At this point, Israel only managed to get a postponement on the issue. The vote hasn’t been taken off the agenda (which was Israel’s preference) but only delayed by a bit.

Indeed, had the PFA’s motion been brought to the floor for a vote, as the association’s legal counsel insisted it should, the outcome might have not gone in Israel’s favor. You be the judge after watching what went down at the Bahrain meeting. To my mind, it’s simply not the case that either the Council or the Congress now stands firmly on Israel’s side.

Basically what now looks like a loss for the Palestinians and their vehemently anti-Israel boycott-promoting affiliates may turn out to have been a blessing in disguise. That’s because, based on President Infantino’s emphatic closing remarks at Thursday’s Congress, the FIFA Council now appears committed to reaching a decision by October.

So Israel has been left with only a few months to up its game and present a convincing argument that the Palestinians are playing an “unsporting and illegal football war” against Israel.

Conclusion

Following FIFA’s decision this week, Israel’s critics have wasted no time in condemning the delay as a “failure” of FIFA’s commitment to human rights and as a “capitulation” to Israel.

Writing for the popular anti-Israel website Electronic Intifada, its co-founder Ali Abunimah charged that FIFA’s boss “rigged the vote for Israel.”

But the accusation that FIFA “caved in” to pressure brought to bear by a “personal phone call” from PM Netanyahu is baseless.

The reality, according to a report published earlier this week in Haaretz, is that Infantino is sympathetic to the PFA’s position. In fact, he told Netanyahu that under FIFA’s bylaws he couldn’t unilaterally remove the issue from the Congress agenda. He therefore suggested that Israel instead propose its own solution to the dispute which could then be discussed along with the Palestinian motion.

That is, neither Infantino nor the Council have expressed any hostility toward the PFA’s position.

Moreover, Netanyahu’s phone call probably did far more harm than good by giving Rajoub an opportunity in his address to repeatedly harp on the Israeli government’s supposed unseemly “illegal intervention” in the business of the Congress, thus deflecting attention from the substantive weaknesses of the PFA proposal.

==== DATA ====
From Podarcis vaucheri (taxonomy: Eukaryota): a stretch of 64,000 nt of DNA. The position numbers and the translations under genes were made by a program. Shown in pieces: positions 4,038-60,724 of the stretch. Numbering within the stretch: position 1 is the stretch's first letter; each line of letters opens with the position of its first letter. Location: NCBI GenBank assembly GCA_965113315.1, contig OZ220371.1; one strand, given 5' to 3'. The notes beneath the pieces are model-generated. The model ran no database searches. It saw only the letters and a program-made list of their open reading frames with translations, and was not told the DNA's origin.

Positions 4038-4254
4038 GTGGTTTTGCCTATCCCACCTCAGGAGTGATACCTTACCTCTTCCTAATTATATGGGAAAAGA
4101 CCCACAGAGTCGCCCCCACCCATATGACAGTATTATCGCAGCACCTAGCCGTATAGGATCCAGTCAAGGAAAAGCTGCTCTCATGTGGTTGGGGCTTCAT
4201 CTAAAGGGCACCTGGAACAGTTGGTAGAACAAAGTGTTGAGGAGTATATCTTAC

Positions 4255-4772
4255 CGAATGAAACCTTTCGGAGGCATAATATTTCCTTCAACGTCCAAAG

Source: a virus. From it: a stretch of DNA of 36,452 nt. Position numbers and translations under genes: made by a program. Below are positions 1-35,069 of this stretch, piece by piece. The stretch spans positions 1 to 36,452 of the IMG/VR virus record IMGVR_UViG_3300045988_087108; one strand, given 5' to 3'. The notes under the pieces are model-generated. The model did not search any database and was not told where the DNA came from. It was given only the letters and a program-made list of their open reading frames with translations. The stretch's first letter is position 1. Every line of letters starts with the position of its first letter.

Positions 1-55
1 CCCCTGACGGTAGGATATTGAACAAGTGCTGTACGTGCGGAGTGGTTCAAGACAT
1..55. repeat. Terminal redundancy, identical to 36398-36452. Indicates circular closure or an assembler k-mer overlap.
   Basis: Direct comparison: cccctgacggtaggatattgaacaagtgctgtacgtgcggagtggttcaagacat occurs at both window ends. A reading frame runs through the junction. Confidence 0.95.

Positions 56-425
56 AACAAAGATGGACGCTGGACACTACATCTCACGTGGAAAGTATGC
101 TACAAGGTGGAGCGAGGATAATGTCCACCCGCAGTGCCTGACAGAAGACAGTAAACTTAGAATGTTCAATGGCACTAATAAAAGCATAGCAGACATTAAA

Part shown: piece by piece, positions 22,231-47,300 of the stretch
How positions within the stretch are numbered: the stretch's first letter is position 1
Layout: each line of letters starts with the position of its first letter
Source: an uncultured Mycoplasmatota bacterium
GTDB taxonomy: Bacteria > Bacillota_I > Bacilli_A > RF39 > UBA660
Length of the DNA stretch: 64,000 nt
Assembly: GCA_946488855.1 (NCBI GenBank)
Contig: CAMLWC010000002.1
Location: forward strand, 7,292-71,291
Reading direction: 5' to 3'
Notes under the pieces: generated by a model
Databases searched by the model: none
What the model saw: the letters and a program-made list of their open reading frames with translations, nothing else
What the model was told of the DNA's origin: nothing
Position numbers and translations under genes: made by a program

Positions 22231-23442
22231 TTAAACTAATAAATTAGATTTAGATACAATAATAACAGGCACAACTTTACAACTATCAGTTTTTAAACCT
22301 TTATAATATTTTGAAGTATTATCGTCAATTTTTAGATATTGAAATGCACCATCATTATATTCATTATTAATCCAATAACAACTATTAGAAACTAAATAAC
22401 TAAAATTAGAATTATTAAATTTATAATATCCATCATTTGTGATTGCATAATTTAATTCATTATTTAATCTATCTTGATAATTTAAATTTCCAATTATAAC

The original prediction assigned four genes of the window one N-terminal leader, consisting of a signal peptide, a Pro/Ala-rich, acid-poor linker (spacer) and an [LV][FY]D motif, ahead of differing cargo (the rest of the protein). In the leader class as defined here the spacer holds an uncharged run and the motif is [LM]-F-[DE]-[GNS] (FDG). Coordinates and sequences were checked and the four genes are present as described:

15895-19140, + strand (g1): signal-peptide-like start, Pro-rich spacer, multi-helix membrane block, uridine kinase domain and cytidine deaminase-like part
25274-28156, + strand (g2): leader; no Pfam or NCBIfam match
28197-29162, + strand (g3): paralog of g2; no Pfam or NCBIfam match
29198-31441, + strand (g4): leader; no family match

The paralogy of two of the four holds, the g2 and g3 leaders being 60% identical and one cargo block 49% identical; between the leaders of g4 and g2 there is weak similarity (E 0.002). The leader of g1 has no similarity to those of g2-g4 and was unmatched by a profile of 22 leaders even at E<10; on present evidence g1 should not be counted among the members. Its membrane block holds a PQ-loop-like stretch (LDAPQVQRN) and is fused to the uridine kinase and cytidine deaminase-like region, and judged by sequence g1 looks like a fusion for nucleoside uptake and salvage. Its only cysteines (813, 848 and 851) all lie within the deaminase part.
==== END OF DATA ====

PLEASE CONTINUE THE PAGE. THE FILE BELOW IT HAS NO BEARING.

Lastly, by insisting on a delay to await the final report by the ad-hoc monitoring committee headed by Tokyo Sexwale, Infantino and the Council are virtually ensuring that the proposal to give Israel an ultimatum—either stop playing soccer games in the settlements or sanctions will be imposed on the settlement teams or even on the IFA as a whole—is going to be taken up as a credible option for the Council’s consideration come October.

This is what Israel has feared all along would happen.

Bottom line: Will FIFA kick Israel out of world soccer by allowing the PFA and external anti-Israel advocacy groups to determine its rules of the game? Based on this week’s 67th FIFA Congress in Bahrain, that ball is still very much up in the air.

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Miriam F. Elman is an Associate Professor of Political Science and the Robert D. McClure Professor of Teaching Excellence at the Maxwell School of Citizenship & Public Affairs, Syracuse University. She is the editor of five books and the author of over 60 journal articles, book chapters, and government reports on topics related to international and national security, religion and politics, and the Israeli-Palestinian conflict. She also frequently speaks and writes on the Boycott, Divestment, and Sanctions (BDS) anti-Israel movement. Follow her on Twitter @MiriamElman